SSP outcomes are still severe in our practice. Maternal mortality remains high and is linked to ventricular systolic function at admission (due to pregnancy), while fetal outcomes are linked to baseline LVEF before pregnancy.

Keywords

  • Peripartum cardiomyopathy
  • Subsequent pregnancy
  • Prognosis
  • Burkina Faso

Background

Peripartum cardiomyopathy (PPCM) is a rare form of heart failure of unknown etiology that occurs between the last month of pregnancy up to 6 months postpartum [13]. Although previous studies suggested that approximately 50% of patients with PPCM recover a normal cardiac function, with 25% having persistently reduced heart function stable on medications and 25% progressing to severe heart failure, more recent research [4, 5] suggests that severe outcomes have been reduced, with survival rates as high as 90 to 95% thanks to contemporary medical and device therapy. The Burkina Faso PPCM registry has been prospectively collecting data from women suffering from PPCM since 2010, and estimates the incidence of PPCM around 1/3800 births. According to this registry, even though contraception is prescribed to PPCM women, we noted that some of them get pregnant again.. However, there is a concern that such pregnancy may be associated with an increased risk of recurrence of cardiomyopathy [13, 6].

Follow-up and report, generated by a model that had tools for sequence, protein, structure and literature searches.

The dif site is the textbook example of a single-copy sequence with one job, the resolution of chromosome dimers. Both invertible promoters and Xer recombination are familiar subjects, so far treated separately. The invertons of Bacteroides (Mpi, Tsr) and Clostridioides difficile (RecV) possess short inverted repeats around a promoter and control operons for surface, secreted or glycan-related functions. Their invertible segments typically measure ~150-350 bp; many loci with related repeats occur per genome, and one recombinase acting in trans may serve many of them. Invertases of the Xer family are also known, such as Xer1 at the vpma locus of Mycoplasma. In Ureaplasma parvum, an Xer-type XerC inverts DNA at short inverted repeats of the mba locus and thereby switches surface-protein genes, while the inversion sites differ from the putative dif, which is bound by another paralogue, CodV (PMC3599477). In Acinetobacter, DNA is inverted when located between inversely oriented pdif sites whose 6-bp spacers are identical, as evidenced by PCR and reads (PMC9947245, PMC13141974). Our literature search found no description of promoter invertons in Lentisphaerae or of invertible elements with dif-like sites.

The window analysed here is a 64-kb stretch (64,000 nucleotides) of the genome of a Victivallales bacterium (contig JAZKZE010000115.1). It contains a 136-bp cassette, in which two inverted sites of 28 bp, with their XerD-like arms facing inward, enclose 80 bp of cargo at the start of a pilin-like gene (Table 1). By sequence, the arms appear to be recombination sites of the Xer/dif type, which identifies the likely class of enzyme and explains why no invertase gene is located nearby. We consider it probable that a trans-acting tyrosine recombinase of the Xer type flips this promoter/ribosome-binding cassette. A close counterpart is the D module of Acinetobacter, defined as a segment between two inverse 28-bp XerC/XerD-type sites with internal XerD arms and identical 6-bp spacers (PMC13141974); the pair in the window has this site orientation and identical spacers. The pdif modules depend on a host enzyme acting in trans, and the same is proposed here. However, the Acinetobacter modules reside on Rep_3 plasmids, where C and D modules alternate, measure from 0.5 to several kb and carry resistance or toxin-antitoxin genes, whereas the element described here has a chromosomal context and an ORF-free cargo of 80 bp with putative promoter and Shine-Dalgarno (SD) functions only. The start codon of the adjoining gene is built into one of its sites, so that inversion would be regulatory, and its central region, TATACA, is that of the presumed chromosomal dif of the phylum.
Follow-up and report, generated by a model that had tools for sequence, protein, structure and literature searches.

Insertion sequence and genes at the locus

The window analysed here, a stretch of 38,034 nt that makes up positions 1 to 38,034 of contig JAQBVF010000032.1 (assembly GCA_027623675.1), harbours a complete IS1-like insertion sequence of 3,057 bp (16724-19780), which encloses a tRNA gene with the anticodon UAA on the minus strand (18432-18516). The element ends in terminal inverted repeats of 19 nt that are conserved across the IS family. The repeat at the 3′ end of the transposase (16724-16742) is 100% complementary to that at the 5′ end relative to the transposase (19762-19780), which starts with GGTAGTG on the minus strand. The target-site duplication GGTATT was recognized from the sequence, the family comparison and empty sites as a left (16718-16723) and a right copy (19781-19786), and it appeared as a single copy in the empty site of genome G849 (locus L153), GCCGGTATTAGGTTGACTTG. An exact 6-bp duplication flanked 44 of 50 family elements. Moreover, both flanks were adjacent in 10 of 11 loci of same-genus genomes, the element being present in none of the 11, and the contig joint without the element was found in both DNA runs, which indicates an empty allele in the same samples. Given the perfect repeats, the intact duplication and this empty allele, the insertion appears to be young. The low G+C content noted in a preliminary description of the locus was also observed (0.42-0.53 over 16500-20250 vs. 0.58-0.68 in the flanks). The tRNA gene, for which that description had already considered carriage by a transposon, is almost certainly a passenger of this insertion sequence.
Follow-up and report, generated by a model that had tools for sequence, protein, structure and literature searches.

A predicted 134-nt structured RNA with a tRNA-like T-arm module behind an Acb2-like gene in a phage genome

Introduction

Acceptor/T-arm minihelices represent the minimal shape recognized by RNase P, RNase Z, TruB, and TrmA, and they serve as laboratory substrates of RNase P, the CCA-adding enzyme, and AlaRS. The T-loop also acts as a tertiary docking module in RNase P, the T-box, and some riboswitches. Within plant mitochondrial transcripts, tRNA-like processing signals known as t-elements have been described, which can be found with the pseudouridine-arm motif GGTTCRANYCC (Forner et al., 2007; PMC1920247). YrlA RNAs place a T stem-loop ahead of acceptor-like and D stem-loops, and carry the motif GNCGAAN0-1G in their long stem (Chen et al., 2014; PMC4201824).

The objective of this study was to determine the incidences and the associated factors of maternal and fetal outcomes of first subsequent pregnancy (SSP) among women with a history of peripartum cardiomyopathy.

Methods

Study population